Wilson advises library administrators to begin the emergency planning process with their local community emergency response team (CERT). Planning with CERT officials at the local level is critical because “every library is different and every community is different,” Wilson says.

“Law enforcement also plays a role in all of this,” he adds. “But the best place to start is to go to the emergency coordinator. He or she can bring in the right people based on what you can offer them.”

A facility on the front lines

Jefferson-Madison Regional Library (JMRL) administrators were on the front line during the Charlottesville protests, choosing to close the library for the day, secure the facility, and provide support to local law enforcement.

In the lead up to the protest, white supremacists already were targeting the library to spread their message of hate, according to Krista Farrell, assistant director at JMRL.

“Last Thursday, the 10th, library staff noticed upon opening at 9 a.m. that white supremacist signage had been placed on the front door of the building overnight (which we quickly removed),” Farrell said in an email.

In addition to closing the library, officials removed outdoor trash cans and police removed bricks around the library garden “so that they couldn’t be used for harm,” Farrell said in an email. Library administrators also chose to shut off JMRL’s free Wi-Fi connection to discourage people from congregating on the building’s porch, she said.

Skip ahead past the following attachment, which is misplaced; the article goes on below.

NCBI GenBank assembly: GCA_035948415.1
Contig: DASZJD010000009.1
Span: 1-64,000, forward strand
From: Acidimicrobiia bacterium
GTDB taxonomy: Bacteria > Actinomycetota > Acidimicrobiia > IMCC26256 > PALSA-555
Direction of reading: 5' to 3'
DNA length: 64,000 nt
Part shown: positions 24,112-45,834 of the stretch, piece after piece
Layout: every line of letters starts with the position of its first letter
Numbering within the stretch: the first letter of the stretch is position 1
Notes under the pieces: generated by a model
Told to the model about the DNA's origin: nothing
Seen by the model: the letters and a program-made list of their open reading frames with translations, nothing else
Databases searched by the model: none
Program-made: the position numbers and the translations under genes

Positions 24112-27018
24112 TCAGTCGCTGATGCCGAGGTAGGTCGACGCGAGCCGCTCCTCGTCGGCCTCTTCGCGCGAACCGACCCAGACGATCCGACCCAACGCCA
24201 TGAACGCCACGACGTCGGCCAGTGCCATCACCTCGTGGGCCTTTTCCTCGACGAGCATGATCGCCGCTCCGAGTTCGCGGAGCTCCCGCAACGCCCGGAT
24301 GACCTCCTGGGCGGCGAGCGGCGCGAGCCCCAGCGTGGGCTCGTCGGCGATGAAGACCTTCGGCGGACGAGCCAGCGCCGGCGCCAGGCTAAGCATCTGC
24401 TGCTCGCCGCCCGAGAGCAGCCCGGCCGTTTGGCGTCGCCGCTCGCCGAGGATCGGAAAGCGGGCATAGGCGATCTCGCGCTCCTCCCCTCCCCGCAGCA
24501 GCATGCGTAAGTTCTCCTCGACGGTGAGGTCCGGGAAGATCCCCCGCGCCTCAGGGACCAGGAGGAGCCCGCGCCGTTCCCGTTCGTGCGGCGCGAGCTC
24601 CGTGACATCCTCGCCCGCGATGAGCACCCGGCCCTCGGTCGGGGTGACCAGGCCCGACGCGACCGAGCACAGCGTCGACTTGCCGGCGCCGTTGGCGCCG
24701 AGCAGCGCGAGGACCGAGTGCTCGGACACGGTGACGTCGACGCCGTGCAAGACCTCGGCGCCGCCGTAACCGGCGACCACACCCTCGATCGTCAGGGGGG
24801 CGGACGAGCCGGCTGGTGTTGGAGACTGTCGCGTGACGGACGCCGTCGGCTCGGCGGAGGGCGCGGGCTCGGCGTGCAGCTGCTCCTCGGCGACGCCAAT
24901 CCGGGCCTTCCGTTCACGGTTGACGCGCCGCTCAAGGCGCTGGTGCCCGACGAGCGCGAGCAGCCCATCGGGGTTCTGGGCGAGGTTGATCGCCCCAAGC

JMRL Director John Halliday was the only staff member in the building that day. He allowed law enforcement to use the facility’s loading dock area, bathrooms, and electricity. “With Market Street and Emancipation Park nearly empty, I invited a few state troopers to come in and cool off, then a few more, now the library is full of exhausted, overheated police and soldiers. They are really knocked out,” Halliday wrote in an email the day of the protests.